1) Woman’s age
        2) Whether they have lived with another partner prior
        3) Whether they have already made the marriage commitment prior to cohabitation

        But controlling for these does not show a positive effect. Just the absence of a negative one.Report

  2. Avatar zic
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    says:

    Seems to me that the real problem here isn’t so much commitment as that our social expectations for women are out of line with women’s actual biology. Child bearing happens for a limited time. My 40-year old niece is struggling to conceive (and without luck) after doing the ‘right’ things. Putting off marriage until college/career are established will mean that many women who want to have children are too old.

    The results? Women opting to have children outside of marriage or simply never having them.

    Does require some re-working of how we think about marriage? Maybe. Personally, I think we’ll reach a point where we want women to have children enough that will offer them incentives to do have children; stuff like maternal leave with pay, access to affordable child care, and ending pay discrimination for mothers. But I think without those kinds of changes, the weird misogyny of ticking fertility clocks won’t be taken seriously by commitment-phobic men without more respect for the burdens of child bearing in general.Report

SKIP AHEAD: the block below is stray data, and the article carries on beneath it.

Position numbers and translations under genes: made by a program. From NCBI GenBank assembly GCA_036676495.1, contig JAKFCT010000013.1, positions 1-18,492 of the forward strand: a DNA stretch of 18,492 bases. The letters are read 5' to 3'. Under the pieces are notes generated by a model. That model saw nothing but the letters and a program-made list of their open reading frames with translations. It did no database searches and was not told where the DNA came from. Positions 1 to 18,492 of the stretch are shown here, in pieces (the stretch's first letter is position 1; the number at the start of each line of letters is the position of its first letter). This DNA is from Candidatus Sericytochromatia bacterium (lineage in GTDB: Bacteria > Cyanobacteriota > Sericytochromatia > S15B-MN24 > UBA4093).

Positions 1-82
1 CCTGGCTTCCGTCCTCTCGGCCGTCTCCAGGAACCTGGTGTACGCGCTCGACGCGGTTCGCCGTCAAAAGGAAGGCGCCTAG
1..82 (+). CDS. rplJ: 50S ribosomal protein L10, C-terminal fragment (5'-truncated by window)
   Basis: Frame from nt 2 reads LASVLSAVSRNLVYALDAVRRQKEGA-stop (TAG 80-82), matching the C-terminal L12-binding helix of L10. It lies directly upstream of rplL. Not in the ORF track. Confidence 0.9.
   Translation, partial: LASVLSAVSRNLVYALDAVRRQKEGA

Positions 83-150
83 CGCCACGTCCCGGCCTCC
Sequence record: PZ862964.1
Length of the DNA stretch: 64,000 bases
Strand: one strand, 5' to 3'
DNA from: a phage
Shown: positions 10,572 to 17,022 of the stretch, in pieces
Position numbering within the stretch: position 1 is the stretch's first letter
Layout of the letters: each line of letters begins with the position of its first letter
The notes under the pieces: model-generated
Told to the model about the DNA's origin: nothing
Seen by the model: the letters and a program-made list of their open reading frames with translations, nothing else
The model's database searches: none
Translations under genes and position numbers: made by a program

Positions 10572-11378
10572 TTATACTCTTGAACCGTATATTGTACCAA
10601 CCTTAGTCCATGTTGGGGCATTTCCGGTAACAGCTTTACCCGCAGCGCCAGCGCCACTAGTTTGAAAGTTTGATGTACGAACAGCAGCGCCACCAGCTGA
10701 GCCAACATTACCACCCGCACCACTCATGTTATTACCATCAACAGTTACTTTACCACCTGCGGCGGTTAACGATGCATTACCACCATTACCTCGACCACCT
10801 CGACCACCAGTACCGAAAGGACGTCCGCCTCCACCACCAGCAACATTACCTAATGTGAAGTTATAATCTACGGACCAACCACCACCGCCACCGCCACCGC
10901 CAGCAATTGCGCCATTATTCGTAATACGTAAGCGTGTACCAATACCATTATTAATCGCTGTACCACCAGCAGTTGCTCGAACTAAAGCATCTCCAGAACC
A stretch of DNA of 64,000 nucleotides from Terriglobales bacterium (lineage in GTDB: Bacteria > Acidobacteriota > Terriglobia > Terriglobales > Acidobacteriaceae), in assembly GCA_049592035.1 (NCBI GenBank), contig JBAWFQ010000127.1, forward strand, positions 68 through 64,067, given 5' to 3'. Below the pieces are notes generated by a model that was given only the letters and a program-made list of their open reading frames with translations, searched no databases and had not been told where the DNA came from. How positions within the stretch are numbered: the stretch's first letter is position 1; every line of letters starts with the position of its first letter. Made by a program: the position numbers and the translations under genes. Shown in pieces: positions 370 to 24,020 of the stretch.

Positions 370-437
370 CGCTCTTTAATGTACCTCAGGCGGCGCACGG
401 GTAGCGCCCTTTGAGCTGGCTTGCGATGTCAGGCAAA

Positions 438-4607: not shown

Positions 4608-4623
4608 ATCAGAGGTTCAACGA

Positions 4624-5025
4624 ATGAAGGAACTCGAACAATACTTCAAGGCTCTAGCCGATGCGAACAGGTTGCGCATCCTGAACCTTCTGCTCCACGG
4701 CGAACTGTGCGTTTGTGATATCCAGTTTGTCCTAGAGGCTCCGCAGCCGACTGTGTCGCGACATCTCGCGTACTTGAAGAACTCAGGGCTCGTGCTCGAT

• Avatar Jim Heffman in reply to zic
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      says:

      “Does require some re-working of how we think about marriage? Maybe.”

      Maybe it just requires a re-think of what Working For A Living looks like. If that means “everyone goes to a big building where work happens, starting around 8 AM and finishing around 5 PM”, then that’s going to be hard for a woman with children to maintain. And that’s a strong disincentive to not have children until you’re so well-established in your profession that you can get away with saying “bite me, I’m working from home today”.

      Even states with childcare leave firmly established in law still assume that you’re either At Work or Not At Work. There’s no legal structure for, e.g., “work three days a week instead of five”, or “work half-days for the next year”; it’s “take two months off and then start full-time again”.Report

    • Avatar Will Truman in reply to zic
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      says: